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Legislator pledges he won't use law's favor on licensing

By SHELBY OPPEL

© St. Petersburg Times, published June 24, 2000


TALLAHASSEE -- Gov. Jeb Bush on Friday signed a bill into law that includes a special favor to a retiring state senator, after the lawmaker promised Bush he wouldn't take advantage of the gift.

Sen. William "Doc" Myers, R-Hobe Sound, lost his medical license in 1998 for failure to renew it. In the last week of this year's legislative session, Myers' colleagues passed a bill that would allow him to practice medicine again without having to retake the exams required of ordinary Floridians in the same situation.

The provision was inserted into a bill that grants "fee holidays" to members of 14 professions and requires the state to make licensure exams in Spanish available at no cost.

In a written statement, Bush called the insertion of the Myers provision "repugnant to every notion of public service."

"Public service is a privilege, but that privilege is overreached when, without a rational basis, it is used to bestow special benefits or relief to those who serve," the statement said.

Myers, however, was "unaware" of the provision, Bush wrote. Since the session adjourned May 5, Myers contacted Bush "with assurances that he would not take advantage of this section." "While this does not undo what has been done, it does undo the improper effect of the provision," Bush wrote.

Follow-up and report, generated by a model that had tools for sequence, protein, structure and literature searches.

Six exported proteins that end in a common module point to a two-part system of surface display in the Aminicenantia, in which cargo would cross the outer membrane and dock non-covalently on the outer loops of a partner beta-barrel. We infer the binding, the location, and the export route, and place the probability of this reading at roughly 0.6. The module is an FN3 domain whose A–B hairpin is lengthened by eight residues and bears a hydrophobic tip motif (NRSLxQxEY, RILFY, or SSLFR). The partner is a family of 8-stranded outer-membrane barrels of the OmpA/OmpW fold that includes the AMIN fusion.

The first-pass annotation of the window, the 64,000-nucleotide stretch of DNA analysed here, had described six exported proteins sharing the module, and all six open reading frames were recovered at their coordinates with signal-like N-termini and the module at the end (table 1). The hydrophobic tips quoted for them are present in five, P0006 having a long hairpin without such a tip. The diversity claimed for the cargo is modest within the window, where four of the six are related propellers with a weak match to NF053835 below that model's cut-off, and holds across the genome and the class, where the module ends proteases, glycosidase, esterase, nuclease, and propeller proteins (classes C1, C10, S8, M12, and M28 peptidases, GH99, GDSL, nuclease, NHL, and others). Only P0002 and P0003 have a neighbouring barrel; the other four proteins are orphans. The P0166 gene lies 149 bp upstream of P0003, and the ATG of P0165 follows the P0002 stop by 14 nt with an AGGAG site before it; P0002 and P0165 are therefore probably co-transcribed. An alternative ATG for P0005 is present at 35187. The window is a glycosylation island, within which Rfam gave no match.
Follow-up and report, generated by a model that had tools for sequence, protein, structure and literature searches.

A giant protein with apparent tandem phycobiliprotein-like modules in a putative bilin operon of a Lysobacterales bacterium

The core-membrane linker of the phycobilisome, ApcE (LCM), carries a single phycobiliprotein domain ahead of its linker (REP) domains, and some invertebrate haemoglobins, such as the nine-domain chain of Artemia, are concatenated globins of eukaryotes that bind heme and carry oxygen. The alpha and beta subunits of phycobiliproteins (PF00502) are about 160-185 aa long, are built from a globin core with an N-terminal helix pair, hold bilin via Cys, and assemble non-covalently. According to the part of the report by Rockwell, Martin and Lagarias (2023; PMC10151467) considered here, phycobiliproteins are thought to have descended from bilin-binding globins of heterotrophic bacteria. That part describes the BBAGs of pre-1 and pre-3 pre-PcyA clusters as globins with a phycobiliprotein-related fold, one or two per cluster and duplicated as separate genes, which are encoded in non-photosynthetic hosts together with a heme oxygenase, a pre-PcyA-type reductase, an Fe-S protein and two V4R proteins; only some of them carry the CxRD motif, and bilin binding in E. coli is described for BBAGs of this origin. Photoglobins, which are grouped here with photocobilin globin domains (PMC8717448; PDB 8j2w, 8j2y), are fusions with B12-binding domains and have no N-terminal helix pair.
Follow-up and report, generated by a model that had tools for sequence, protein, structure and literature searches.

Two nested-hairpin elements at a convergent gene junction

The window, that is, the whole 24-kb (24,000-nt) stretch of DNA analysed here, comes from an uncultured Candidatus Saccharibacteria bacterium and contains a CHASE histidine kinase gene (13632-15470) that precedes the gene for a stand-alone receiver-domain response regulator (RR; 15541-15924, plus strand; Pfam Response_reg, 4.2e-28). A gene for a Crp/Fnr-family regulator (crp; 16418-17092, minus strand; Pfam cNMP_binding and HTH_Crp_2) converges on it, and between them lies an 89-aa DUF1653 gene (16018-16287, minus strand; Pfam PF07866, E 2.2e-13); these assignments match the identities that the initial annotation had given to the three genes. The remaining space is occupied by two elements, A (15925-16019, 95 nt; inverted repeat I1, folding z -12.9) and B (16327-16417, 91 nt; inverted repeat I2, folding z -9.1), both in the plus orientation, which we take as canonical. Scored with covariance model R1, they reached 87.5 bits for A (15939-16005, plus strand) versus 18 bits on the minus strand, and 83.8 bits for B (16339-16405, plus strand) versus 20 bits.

Myers could not be reached for comment Friday.

Myers, who uses a wheelchair and is in poor health, told the Times in May that his health prevents him from treating patients. With term limits forcing him from office, he hopes to get his license back in order to work as a medical administrator for an HMO. But the license he receives will allow him to practice any kind of medicine.

Myers, a legislator since 1978, contended that he never received any notification from the Department of Health that his license was about to be declared null and void because he failed to renew it.

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